Wall Street Journal Fails To Disclose Nine Writers Are Romney Advisers

According to Media Matters, the Wall Street Journal has published twenty op-ed pieces from nine different writers that all work for Mitt Romney. The nine writers are listed on Media Matters as John BoltonMax BootLee A. CaseyPaula DobrianskyMary Ann GlendonGlenn HubbardPaul E. PetersonDavid B. Rivkin Jr.; and Martin West.

This is reminiscent of Fox News recently, where it was discovered that Fox hired Romney advisers to attack President Obama without disclosing they work for Romney.

Media Matters reports that

With respect to one writer, the Journal disclosed his ties to the campaign in an initial op-ed but failed to do so in subsequent op-eds. With regard to another, the paper failed to disclose the campaign ties in an initial op-ed but did do so in later pieces. The seven remaining writers have not had their Romney connections disclosed in any of their op-eds following the publication of those ties, according to Media Matters‘ review.

Media Matterspreviously documented that the Journal regularly fails to disclose columnist Karl Rove’s ties to the super PAC American Crossroads and its related organization Crossroads GPS, which are spending hundreds of millions of dollars to defeat President Obama and other Democratic candidates. The paper’s lack of disclosure on Rove has drawn criticism from some of America’s top editorial page editors as well as Trevor Potter, who served as general counsel to Sen. John McCain’s presidential campaigns.

The article by Media Matters linked above also offers an in-depth review of each Romney adviser and their direct contributions to the Wall Street Journal.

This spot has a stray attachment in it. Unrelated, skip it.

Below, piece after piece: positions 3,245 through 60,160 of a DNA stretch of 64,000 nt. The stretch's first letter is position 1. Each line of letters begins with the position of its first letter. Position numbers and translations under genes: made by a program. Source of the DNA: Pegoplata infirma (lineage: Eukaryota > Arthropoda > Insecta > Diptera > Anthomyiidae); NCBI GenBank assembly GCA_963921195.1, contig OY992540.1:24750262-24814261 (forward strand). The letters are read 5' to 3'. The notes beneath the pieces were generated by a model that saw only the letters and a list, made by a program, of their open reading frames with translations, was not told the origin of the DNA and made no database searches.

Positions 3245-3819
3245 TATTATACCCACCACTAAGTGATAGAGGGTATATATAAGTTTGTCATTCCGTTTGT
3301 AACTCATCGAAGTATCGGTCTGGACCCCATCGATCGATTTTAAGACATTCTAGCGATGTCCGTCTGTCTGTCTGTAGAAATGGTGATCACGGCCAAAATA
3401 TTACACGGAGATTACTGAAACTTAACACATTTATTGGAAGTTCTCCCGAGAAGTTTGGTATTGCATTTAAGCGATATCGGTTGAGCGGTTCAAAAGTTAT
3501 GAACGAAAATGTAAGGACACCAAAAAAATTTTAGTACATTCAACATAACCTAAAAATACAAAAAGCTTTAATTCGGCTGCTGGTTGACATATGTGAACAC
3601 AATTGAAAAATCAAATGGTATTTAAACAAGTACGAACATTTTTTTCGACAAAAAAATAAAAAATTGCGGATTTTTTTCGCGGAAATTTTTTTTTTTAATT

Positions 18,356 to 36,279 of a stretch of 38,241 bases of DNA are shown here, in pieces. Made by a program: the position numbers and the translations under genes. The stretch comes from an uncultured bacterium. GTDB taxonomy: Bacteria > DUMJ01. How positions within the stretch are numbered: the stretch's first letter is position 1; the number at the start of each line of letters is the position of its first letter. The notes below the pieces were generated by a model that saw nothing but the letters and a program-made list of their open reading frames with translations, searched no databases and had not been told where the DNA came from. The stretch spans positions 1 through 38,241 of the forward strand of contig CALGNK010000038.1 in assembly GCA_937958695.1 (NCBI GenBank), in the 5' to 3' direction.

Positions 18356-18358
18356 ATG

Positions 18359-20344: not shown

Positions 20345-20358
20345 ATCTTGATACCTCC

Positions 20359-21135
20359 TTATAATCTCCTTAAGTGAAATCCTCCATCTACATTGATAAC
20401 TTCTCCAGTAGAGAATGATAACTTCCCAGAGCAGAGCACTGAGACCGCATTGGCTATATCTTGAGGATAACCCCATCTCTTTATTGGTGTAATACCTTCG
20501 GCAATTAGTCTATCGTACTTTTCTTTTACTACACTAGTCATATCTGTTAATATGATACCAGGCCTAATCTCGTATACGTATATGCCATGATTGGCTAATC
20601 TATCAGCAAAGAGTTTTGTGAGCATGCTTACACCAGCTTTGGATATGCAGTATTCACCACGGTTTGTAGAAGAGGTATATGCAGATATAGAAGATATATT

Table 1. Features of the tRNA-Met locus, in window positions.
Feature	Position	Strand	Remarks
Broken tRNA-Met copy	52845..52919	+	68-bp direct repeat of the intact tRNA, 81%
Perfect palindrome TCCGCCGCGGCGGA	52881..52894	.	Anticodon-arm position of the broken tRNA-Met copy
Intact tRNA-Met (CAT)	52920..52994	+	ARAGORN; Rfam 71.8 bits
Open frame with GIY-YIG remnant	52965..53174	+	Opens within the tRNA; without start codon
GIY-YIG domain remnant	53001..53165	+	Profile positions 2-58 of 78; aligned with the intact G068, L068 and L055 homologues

This is poor journalism. Most news sources are biased; the only way to be truly unbiased is to keep your mouth shut, or in this case, your laptop. The problem with political bias in the news doesn’t come with bias. It comes with blatant manipulation of data as has become common with Fox News, or in cases like this where political bias or affiliation is not disclosed. Even more insultingly in the case of Fox, which has a clear conservative bias, is the “fair and balanced” slogan they toss around.

Advocacy journalism as fine, as long as it’s made clear what you’re advocating. In fact (and for example), you can readily follow my information and discover that not only am I a writer for an openly liberal news site, but that I am a firm proponent of liberal ideals both fiscally and socially. However, you can also follow anything I link and read my sources and information, allowing you to make your own opinion if you feel you have reason to doubt my journalistic ability. I do not change statistics or facts, and I disclose exactly what my aims are.

That’s more than WSJ can say. Honesty is more than they can claim.

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